Climate science clear – NZ researchers

In the pages of the Dominion Post, New Zealand climate scientists David Wratt, James Renwick and Andy Reisinger  respond to a previous opinion article questioning the science of anthropogenic climate change and the need for action.

Hot sun
Credit: Flickr / Bill Gracey

An excerpt (read in full here):

Human role in climate change is clear

Warming of the climate system is unequivocal, and human influence on the climate system is clear. These are the conclusions from leading scientists around the world, based on a careful assessment of all the relevant climate research, summarised in recent IPCC reports. These findings are very different from the views expressed by the two authors of an opinion article (Hypothetical global warming: scepticism needed, March 5) in the Dominion Post.

That article overlooks a lot of the relevant science, and misconstrues some of it. We don’t expect to change the views of the authors, but we do consider it important that readers are not misled about the factual basis of climate change. Here is some research-based evidence that is relevant to the ten topics raised in the opinion piece.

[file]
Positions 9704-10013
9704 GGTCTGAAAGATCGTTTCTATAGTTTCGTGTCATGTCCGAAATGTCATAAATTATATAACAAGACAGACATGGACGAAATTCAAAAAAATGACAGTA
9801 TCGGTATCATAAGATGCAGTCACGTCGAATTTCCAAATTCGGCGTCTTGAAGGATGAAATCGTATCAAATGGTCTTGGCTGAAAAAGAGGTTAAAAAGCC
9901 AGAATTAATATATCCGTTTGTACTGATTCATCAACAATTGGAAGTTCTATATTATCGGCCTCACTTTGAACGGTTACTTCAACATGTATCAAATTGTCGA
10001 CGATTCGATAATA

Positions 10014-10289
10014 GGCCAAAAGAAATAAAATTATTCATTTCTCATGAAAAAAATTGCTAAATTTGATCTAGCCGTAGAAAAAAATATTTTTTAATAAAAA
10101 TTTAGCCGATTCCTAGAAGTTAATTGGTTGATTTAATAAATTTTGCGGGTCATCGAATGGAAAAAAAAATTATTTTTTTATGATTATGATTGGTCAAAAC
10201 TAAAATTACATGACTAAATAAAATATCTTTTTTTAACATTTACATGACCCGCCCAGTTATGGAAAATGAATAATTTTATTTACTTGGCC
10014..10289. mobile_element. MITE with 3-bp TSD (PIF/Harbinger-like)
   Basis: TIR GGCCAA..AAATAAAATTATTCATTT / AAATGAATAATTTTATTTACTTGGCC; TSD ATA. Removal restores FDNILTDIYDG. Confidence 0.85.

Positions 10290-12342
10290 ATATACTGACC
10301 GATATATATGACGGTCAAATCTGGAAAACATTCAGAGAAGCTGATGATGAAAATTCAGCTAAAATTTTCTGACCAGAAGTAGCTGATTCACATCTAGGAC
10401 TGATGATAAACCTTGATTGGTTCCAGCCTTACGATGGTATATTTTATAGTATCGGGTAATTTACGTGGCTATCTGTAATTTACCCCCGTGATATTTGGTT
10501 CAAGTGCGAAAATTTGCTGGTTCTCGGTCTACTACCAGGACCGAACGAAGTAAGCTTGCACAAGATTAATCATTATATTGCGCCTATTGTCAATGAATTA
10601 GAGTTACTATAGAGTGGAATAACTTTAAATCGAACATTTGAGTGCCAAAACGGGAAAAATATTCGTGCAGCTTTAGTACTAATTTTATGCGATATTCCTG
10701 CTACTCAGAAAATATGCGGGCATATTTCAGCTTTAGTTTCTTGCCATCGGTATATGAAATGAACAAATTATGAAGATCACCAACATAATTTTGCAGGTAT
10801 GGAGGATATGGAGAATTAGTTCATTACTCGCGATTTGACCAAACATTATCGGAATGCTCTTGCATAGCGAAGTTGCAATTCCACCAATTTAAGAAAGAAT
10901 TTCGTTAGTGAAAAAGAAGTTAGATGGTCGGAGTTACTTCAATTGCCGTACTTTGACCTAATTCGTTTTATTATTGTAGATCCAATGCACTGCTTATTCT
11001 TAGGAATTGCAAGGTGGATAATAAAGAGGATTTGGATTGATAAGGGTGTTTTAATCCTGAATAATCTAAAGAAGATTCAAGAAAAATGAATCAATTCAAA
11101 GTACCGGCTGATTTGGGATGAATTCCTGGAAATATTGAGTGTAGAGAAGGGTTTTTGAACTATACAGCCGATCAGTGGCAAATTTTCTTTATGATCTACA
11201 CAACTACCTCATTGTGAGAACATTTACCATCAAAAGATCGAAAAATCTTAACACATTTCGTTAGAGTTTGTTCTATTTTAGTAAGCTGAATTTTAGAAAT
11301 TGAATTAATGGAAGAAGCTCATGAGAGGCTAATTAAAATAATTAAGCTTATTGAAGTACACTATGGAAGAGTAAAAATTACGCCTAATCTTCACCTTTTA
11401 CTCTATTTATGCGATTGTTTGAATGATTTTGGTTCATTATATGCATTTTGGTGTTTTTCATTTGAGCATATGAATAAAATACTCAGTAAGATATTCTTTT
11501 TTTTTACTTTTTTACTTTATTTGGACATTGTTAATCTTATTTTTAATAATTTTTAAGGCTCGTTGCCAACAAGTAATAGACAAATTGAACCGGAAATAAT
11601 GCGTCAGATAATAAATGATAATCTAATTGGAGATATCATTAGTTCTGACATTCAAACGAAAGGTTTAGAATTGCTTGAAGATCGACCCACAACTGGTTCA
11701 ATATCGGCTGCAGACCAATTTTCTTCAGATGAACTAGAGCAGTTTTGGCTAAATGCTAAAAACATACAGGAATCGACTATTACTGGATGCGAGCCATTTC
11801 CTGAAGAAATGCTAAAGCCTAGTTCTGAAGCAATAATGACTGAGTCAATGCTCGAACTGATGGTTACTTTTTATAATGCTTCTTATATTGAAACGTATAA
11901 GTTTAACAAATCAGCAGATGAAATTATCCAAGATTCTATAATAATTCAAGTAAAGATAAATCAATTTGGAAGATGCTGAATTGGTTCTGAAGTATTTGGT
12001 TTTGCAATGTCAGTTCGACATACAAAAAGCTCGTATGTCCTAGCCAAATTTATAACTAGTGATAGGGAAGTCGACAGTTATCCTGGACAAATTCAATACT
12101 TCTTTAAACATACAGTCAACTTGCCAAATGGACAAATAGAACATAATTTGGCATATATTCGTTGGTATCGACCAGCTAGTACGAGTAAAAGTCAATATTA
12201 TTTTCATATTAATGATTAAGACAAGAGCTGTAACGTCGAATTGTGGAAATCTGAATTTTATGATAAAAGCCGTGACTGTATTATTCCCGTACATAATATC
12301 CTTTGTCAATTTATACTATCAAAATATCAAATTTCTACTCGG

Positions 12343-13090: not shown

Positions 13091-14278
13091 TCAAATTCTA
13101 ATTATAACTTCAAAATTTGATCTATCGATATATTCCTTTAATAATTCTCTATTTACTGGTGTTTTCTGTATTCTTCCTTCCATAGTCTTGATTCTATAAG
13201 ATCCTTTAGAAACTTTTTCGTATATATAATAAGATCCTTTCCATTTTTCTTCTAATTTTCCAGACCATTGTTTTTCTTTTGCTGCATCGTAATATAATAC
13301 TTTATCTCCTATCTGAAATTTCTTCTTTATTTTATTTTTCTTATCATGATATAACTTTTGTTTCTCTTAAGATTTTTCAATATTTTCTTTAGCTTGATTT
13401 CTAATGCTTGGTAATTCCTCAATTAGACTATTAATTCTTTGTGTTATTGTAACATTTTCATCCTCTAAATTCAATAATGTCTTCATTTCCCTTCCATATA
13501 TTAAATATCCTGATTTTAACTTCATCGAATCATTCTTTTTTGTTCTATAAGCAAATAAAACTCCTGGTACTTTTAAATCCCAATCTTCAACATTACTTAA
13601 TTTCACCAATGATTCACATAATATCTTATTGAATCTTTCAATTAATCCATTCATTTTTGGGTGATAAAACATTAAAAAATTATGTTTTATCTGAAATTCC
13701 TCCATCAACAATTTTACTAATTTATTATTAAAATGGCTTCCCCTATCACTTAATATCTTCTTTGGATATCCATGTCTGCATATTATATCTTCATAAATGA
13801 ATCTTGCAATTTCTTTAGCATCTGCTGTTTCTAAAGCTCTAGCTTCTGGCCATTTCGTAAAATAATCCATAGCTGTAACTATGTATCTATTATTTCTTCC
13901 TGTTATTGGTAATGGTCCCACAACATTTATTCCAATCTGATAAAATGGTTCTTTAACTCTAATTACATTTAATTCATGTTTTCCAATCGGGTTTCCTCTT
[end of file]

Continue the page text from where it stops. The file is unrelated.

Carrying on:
1. The observed long-term trend in global surface temperature over the past 100 years is clearly upwards. Earth’s surface is now on average about 0.85°C warmer than in the late 19th century. Last year – 2014 -was the warmest year globally since comprehensive records began in about 1880.

The long-term warming trend shows intermittent ups and downs due to natural variations in the exchange of heat with the ocean, volcanic eruptions, and fluctuations in energy from the sun. So periods of slower atmospheric warming are expected from time to time, followed by periods of faster warming. These short-term wiggles don’t change the long-term picture while greenhouse gas concentrations continue to increase.

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